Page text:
The age of Big Data is frightening to many, conjuring up images of George Orwell's dystopian novel 1984, that Big Brother is watching you. But Big Data has its place in making today's world better for the future. Big data is an inherent part of our everyday lives whether it's managing all our financial transactions online or monitoring our every step to maintain fitness levels. But restrictions in data in some areas, namely medical research, are hindering our progress.
As a professor at the Centre for Cancer Research and Cell Biology at Queen's University Belfast, I devote my time to finding ways to tackle the global epidemic that is cancer. And what may be surprising, is that researchers often cite the lack of data available as one of the biggest challenges faced when carrying out their research.
The main challenge is to bring this data together so that it is more than the sum of its parts. Many of these data types are in "data silos" which did not "talk" to each other. In cancer, you might have a rich seam of information on the genetic make-up of cancer cells from a patient in one data silo, while a totally separate database would have clinical information on the patient, their symptoms, their response to treatment etc. But what use is information on the genetic make-up of the patient's cancer, if we can't link it to their individual clinical information? Surely we need all information linked together in order to reveal previously unknown causes of cancer and use that collective intelligence to develop new diagnostic tests or effective treatments? And if you were researching a rare disease in the UK, say that caused a form of heart disease, wouldn't it be much better to be able to share your research experience with scientists from other countries so that your joint knowledge would lead to a greater understanding of the disease that could underpin a new therapeutic approach? And the same need applies to cancer, a disease that doesn't respect international borders, so why should we? Many of us in the cancer and rare diseases communities started to ask these questions and we came to the following conclusion - we need to share data, yes to increase our knowledge, but more importantly for our patients because they deserve the best that we can offer. Working together as the Global Alliance for Genomics and Health (GA4GH), we promote the responsible but effective sharing of genomic (pertaining to the genetic make-up of the disease) and clinical data, based on the firm belief that a data sharing collaborative can help save lives and preserve the health of cancer patients.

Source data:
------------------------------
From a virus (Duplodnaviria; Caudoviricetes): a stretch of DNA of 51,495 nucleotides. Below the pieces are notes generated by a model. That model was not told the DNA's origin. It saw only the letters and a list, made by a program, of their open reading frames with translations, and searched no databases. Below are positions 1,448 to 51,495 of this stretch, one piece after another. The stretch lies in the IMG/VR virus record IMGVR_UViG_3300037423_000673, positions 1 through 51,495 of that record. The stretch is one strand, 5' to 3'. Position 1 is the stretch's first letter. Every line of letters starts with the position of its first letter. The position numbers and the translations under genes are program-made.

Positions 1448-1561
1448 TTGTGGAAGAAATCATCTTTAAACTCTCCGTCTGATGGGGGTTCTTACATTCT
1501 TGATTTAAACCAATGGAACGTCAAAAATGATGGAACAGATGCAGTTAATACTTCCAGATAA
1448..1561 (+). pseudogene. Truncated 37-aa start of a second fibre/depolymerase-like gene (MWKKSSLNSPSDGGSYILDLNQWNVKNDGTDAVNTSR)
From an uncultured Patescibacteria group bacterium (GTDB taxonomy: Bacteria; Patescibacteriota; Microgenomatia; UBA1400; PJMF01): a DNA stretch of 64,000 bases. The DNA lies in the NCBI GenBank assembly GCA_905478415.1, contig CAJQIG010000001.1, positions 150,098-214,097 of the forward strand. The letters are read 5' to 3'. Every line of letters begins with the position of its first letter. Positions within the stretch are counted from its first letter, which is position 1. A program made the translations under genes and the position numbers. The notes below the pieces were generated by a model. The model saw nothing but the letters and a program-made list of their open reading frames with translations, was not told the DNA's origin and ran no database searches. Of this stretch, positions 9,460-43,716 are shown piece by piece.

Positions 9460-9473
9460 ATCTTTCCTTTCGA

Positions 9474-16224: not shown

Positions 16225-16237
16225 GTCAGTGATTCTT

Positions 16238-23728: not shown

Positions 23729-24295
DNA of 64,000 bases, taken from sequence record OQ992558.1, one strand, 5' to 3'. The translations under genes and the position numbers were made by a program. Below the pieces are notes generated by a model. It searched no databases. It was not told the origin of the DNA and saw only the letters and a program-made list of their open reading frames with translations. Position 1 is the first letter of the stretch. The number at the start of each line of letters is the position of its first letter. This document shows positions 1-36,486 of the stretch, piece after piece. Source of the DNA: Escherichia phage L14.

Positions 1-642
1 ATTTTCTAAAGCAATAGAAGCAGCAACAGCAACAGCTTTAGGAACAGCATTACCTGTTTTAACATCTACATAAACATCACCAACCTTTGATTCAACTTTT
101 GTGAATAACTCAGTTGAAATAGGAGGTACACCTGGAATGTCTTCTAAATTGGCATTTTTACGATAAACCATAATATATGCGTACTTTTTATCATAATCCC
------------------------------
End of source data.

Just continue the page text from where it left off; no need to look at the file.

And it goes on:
So how can we use Big Data to save lives? For rare diseases, the key is the ability to share our collective experience from across the world to expand our knowledge of the particular disease, and use that precious information to develop new therapeutic approaches. Say a scientist in the UK has found that a particular gene is damaged in a patient with inherited blindness.
But how do they know if this is a one off event or if it occurs in other patients? Imagine if you had, for want of a better phrase, a genomic internet, where you could search for other scientists throughout the world who had found a similar damaged gene. This genomic "matchmaker" does exist thanks to GA4GH, but international data transfer policies and financial barriers can prevent researchers from being able to take full advantage of this invaluable tool.
Patients are playing their part in data sharing too. ROS1 is a gene that, when it is damaged, can give rise to cancer. A group of patients who had a damaged ROS1 gene and were frustrated by the lack of progress in their disease, self-aggregated online (some 130 patients from 11 different countries including the UK). The ROS1ers (as they call themselves) have now approached a disease foundation and are working with them to help develop a clinical trial for "their disease". To me, this type of patient-driven approach will become increasingly more common and will hopefully lead to more effective treatments for cancer patients.
As a global coalition, we have recently published a call for a change in policy and culture to enable data sharing that will ultimately increase survival and improve quality of life for cancer patients. The public have a key part to play in making this a reality, as patient involvement is at the very heart of this work. The public are invited to have their say in a UK-wide opinion survey on sharing genomic and clinical data and internationally, I would also urge the public to use their voice so we can get the tools in place to allow data to be shared and nurture a culture of data sharing for the benefit of all. Only then can Big Data really save lives.